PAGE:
IDEASS will be part of initiating a 5-year effort to establish and research renewable energy microgrids in the region. A microgrid is a small-scale generating system designed to meet part or all of the electricity demands of a particular community. A well-functioning microgrid needs to match energy demand (from people using buildings and vehicles) with energy generation (from renewable energy sources), and use energy storage devices (such as batteries) to resolve the variation in timing between energy generation and energy demand. For example, solar energy is available during the middle of the day, but building energy use is greatest in the afternoon and early evening. Understanding energy usage and generation patterns, enhancing energy efficiency, and creating ‘sustainability districts’ are the overall goals of the project. Faculty and graduate students in electrical engineering and computer science at UCSC have been working with The Center for Sustainable Energy and Power Systems, the City of Santa Cruz, Hartnell College and NASA-AMES to develop several renewable energy demonstration sites that involve micro-grid power systems. Wind turbines, solar photovoltaic panels and sensors that collect data on windspeed/direction, solar irradiance, weather etc have been installed at the SC Municipal Wharf and at NASA-AMES. Hartnell College is on schedule to install similar equipment in 2013 at their new Alisal Campus which has become the home of Hartnell's new state-of-the-art facility, The Center for Advanced Technology. IDEASS teams working on this project have the support of lower division students in a 2-unit College 8 tutorial that also focuses on microgrid development. There are several sub-projects that IDEASS students can be involved in and in 2013 IDEASS students are working with College 8 to accomplish the following
Microgrid Data Management and Display. This project involves programming software, creatively displaying, and aggregating and comparing energy data from multiple sites. This involves both technical and non-technical skills. Computer engineering/science students can work with IDEASS to help create and program a central database to collect, house and display energy data from all three sites. Non-engineering IDEASS teammembers can work to define applications of this data, create data visualizations, and design user interfaces. This could include designing displays for the Wharf EcoTour, designing educational activities that make use of microgrid data, or identifying and serving interests of other stakeholders (such as residents, solar installers, the SC City Planning Commission).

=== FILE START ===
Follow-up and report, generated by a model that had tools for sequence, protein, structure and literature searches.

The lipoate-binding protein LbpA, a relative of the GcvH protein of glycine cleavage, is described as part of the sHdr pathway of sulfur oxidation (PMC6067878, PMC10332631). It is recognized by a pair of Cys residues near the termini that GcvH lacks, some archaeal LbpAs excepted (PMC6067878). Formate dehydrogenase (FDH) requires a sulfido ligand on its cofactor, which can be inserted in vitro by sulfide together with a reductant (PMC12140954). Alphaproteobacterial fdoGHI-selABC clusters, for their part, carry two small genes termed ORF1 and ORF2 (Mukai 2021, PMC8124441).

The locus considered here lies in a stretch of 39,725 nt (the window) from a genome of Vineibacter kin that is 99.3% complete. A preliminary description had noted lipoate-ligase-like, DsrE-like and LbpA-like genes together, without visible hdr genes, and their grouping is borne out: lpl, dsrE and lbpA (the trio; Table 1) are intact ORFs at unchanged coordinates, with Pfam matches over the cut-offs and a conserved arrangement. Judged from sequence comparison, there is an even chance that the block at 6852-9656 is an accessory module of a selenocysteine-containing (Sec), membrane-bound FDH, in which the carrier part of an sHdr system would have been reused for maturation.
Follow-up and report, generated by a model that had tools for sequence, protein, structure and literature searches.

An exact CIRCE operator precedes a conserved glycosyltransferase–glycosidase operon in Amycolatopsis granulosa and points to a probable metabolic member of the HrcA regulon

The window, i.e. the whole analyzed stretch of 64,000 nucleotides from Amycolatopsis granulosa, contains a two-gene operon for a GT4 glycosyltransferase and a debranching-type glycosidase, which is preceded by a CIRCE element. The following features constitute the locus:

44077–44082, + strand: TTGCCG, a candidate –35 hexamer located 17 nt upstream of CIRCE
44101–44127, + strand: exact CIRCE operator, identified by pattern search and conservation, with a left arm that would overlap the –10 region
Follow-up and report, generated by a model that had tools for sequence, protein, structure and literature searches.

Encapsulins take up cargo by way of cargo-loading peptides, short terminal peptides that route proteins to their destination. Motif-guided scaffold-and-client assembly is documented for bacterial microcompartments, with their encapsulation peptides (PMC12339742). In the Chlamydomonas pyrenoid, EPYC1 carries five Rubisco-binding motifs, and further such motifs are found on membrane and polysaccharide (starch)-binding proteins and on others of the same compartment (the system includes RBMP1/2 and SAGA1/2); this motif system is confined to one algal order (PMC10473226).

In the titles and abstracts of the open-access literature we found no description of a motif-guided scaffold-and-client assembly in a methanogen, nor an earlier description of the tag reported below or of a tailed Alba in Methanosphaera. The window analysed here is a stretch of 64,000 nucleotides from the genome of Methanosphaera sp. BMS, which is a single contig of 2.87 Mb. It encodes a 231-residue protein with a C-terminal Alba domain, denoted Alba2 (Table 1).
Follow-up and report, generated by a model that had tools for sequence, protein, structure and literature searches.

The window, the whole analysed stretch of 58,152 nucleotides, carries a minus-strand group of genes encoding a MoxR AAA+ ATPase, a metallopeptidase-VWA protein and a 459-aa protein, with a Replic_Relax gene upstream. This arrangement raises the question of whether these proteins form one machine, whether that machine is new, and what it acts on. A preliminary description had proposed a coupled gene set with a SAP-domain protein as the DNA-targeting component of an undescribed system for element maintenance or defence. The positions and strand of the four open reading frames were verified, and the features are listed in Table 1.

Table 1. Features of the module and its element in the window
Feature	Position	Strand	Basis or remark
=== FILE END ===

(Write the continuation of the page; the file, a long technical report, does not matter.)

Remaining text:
Campus Energy Dashboard and Behavior Change In the coming years, UCSC will be investing in expanding renewable energy generation capacity. UCSC leadership is interested in both assessing the economic and practical realities of different options. There are several opportunities for IDEASS students to get involved. The campus is currently installing a solar photovoltaic system on the roof of the new McHenry Library, and there is a need to scope future solar installations. Last year’s IDEASS team completed an analysis of solar energy potential at UCSC’s building at 2100 Delaware Ave. This year, Rhonda Tramble, UCSC Senior Engineer is interested in completing a similar feasibility site for a “solar carport” at the West Remote Parking Lot. IDEASS students will work with Rhonda to detail the solar irradiance available, evaluate different materials and designs, determine costs including payback and ultimately compare sites. Second, there is interest in analyzing wind energy potential on main campus as well as at the Long Marine Lab and comparing these profiles to data collected from local sites that are already producing wind power including NASA-AMES and the SC Municipal Wharf. This involves building a portable anemometer tower to assess windspeed in the area. This portion of the project could also develop into creating a regional wind and solar potential map using data from multiple locations in the region. Kevin Bell, a College 8 Fellow, will help mentor this component of the project.